Monday, January 29, 2007

I never wanted you anyway

So that meant the violence would end. Well, about 60% of it anyway. After all, there was no getting away from the egg donor. But getting rid of her husband, now, that meant something. He of the belt, he of the complete lack of control, he of the ‘take care of your kids,’ he of the ‘how many do you want.’

They met in California, working for the post office. One of many jobs, and one of many men. Something about this man took with her – probably the stable income. He was older than her, too.

He drove an ugly pale grey Volkswagen beetle that he called Peanuts. He had a disgusting little dog that he called Bobo. Bobo would lift his leg and pee on you if you sat down on the ground outside. You learned to watch for Bobo. But, they weren’t scared of him yet.

His parents and family were in Washington State, so it wasn’t long before she was packing up all three kids and heading off with him, disrupting their school halfway through the year. They rented a house at first, on a corner lot in a residential neighborhood one block off a main thoroughfare. She had her own room for the first time ever. She’d always shared a room with the boys, or slept in the egg donor’s ‘dressing room’ off her bedroom.

She can still remember the two of them waking her up in what seemed like the middle of the night to announced that they’d gotten married. They seemed disappointed that she didn’t respond with some excitement. What did they expect? She was half asleep. And she didn’t even know what married meant –they’d never used the word with her before.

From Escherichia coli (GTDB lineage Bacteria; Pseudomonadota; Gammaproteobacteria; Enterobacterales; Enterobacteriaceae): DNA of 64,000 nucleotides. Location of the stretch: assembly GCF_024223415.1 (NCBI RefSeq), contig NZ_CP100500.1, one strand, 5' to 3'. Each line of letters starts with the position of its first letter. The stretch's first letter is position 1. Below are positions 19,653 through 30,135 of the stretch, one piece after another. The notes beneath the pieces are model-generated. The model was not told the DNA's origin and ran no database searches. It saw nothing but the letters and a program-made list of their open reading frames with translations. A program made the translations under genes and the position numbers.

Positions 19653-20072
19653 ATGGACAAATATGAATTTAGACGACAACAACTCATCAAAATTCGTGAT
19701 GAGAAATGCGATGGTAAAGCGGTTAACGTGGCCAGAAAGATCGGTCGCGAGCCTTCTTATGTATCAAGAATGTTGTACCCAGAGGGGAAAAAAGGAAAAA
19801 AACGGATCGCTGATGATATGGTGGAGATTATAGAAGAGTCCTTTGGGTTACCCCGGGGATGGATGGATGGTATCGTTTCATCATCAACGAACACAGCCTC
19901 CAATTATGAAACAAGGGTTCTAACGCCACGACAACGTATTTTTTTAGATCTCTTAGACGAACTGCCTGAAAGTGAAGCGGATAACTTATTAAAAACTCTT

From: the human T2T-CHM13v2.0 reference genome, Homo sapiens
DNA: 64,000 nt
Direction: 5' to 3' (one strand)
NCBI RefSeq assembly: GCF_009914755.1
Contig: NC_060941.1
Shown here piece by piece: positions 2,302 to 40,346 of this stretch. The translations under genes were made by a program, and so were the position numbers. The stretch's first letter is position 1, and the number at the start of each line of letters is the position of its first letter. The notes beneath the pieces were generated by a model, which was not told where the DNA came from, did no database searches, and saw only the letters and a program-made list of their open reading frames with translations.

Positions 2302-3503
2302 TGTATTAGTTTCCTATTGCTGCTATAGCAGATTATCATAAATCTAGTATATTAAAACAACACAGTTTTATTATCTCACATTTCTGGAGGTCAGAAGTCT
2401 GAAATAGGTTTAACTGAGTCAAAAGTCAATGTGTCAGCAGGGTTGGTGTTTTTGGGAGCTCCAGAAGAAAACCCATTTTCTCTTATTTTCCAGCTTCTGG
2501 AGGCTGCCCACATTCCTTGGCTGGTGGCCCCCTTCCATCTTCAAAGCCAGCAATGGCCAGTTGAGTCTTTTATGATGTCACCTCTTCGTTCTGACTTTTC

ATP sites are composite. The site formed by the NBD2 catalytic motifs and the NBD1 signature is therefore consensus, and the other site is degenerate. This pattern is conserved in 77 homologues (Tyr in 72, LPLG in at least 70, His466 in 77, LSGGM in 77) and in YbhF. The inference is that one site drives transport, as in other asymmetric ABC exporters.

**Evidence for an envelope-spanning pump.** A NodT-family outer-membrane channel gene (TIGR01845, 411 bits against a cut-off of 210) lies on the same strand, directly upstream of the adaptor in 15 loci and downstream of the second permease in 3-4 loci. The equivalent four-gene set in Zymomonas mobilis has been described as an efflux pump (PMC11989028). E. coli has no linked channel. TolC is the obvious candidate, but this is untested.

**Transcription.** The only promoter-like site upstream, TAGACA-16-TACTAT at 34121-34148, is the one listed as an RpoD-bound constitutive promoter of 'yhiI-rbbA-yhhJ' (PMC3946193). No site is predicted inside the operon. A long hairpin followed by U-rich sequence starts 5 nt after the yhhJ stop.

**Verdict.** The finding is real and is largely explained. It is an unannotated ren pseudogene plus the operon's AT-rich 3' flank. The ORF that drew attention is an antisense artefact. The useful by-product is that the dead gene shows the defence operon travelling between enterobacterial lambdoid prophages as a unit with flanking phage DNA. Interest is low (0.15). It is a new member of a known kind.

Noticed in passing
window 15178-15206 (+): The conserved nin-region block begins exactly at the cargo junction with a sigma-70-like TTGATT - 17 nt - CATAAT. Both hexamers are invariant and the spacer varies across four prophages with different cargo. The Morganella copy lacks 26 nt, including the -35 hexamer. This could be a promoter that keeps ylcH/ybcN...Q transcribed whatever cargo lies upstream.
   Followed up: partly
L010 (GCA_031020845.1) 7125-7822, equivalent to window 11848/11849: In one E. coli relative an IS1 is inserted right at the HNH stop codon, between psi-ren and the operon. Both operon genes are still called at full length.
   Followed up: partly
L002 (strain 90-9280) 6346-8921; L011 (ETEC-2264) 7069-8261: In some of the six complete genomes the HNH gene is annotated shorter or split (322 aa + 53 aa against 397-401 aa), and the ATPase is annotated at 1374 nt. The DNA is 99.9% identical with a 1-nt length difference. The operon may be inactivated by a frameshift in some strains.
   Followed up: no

There was a family across the street, and two doors down, and something was always happening there. The middle child didn’t really understand what, but sometimes the kids and the mom would be at her house, and the kids would be crying. She could feel the tension, but couldn’t have said what it was. What she didn’t know was that this was domestic violence let out into the open. What she would subsequently experience was oh, so not out in the open.

They moved the following summer, buying a four-bedroom house at the outskirts of an upper-scale neighborhood. Nothing fancy, just middle of the road. The house is when he began to lose his cool, slowly, little by little. It started with verbal intimidation, as the kids were more and more underfoot. Kids are loud and messy, and that was ok when he was in a good mood, but if he’d had a bad day… Well, they would try to stay out of his way.

But the first time he hit someone, it was the egg donor. He started with her. They could always tell it was going to happen because he would tell her to shut up, but she just couldn’t seem to leave things alone. They’d start screaming, and then he’d haul off and smack her. They didn’t see it, they never saw it – they were hiding. But they heard it, loud and clear, from their hiding places.

But despite the occasional loss of control, the fa├žade of a happy family continued to be presented to the world. The egg donor was set on getting him to adopt her kids. She worked on him a lot, always talking about adoption, because their real dad left them and didn’t want them – or so she said, anyway. Funny thing, they finally had this kind of family meeting where she talked about him adopting and he asked them all if they wanted him for a dad. They were too scared of him to say ‘no.’